Underground Clues to Climate Change
What are the causes of abrupt climate change? What is behind the rapid melting of ice sheets at the end of glacial cycles? What role do humans play in climate change?
Isotope geochemist R. Lawrence Edwards looks underground to answer such questions, championing cave deposits as recorders of historic and prehistoric climate. He'll discuss his research and results when he delivers a series of lectures, Deciphering Climate Change, on campus November 14, 15, and 21.
The Robert D. and Carol C. Gunn Professor and Distinguished McKnight University Professor in the University of Minnesota’s earth sciences department, Edwards and his large group of international collaborators are currently working on piecing together hundreds of thousands of years of Asian monsoon history from caves in China. Using innovative strategies, he relates his cave climate histories to those from ocean sediments and from ice cores, thereby establishing patterns of changing climate in time and space. Some of his research assesses the relationship between climate change and cultural history, drawing
plausible links between global shifts in rainfall patterns and major cultural changes. His cave records, which cover the last several centuries, contain some of the strongest evidence yet for human-induced climate change.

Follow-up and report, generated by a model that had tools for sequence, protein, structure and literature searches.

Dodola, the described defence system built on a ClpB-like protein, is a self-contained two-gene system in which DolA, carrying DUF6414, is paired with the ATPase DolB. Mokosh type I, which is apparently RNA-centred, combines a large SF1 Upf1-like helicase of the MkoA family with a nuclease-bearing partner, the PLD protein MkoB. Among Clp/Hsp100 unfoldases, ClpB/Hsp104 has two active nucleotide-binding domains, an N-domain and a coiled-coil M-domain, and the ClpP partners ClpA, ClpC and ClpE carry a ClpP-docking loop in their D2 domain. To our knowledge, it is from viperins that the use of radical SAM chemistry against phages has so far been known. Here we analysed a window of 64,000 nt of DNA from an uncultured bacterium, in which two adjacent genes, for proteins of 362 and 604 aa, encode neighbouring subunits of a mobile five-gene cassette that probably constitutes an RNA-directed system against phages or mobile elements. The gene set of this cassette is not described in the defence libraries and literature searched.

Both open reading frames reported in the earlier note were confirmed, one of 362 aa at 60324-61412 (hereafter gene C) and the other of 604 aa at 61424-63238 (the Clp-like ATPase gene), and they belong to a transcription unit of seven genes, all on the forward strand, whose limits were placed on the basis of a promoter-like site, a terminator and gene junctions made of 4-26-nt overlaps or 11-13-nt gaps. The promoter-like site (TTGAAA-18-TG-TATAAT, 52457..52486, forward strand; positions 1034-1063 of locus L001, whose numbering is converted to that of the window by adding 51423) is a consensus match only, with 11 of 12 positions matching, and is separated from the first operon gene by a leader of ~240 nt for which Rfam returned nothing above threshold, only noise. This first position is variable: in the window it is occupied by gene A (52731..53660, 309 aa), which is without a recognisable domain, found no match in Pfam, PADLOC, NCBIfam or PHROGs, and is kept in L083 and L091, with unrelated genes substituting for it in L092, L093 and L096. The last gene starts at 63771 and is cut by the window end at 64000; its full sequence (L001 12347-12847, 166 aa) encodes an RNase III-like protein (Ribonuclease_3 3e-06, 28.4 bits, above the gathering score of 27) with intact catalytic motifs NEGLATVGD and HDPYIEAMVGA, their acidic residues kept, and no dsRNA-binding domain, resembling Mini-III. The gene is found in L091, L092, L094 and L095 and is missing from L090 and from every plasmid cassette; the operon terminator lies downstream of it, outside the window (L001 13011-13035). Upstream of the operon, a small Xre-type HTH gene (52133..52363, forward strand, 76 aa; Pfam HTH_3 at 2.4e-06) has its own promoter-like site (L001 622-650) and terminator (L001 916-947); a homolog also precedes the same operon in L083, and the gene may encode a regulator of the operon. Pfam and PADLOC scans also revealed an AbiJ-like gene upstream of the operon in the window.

“Modern data show quite clearly that the climate is changing, and there is broad scientific consensus that human activities are responsible for much of the change that is happening right now,” says F. Zeb Page, associate professor of geology at Oberlin.
“We know that over geologic time the Earth's climate has changed quite a bit without human help. To understand our part in the current climate-change predicament, we must establish a baseline of natural change. Professor Edwards’ work allows us to precisely determine the age of thinly layered limestone found in cave deposits back 700,000 years. These rocks serve as a detailed record of climate and can be tied to other climate-change drivers such as changes in the Earth's orbit.”
Edwards will present his lectures at Oberlin under the auspices of the National Academy of Sciences’ (NAS) Arthur L. Day Prize Lecture Series. The NAS awards the Day Prize every three years to “a scientist making lasting contributions to the study of the physics of the Earth and whose lectures will provide solid, timely, and useful additions to the knowledge and literature in the field.”
Edwards’ says he chose Oberlin—rather than a large research university—as the site for his lectures because he “thought the topic of climate history would be of interest to undergraduates and appropriate for presentation at the undergraduate level.
“There are several strong geology departments at small liberal arts colleges, including Oberlin’s department, and Oberlin was among the schools I considered on the basis of the strength of its program,” he says. Edwards also notes his family ties to Oberlin: his mother was dean of students for the Chengdu campus of the Oberlin-in-China program at the time of the Communist takeover in 1949 and early 1950, and he has a child currently enrolled at Oberlin.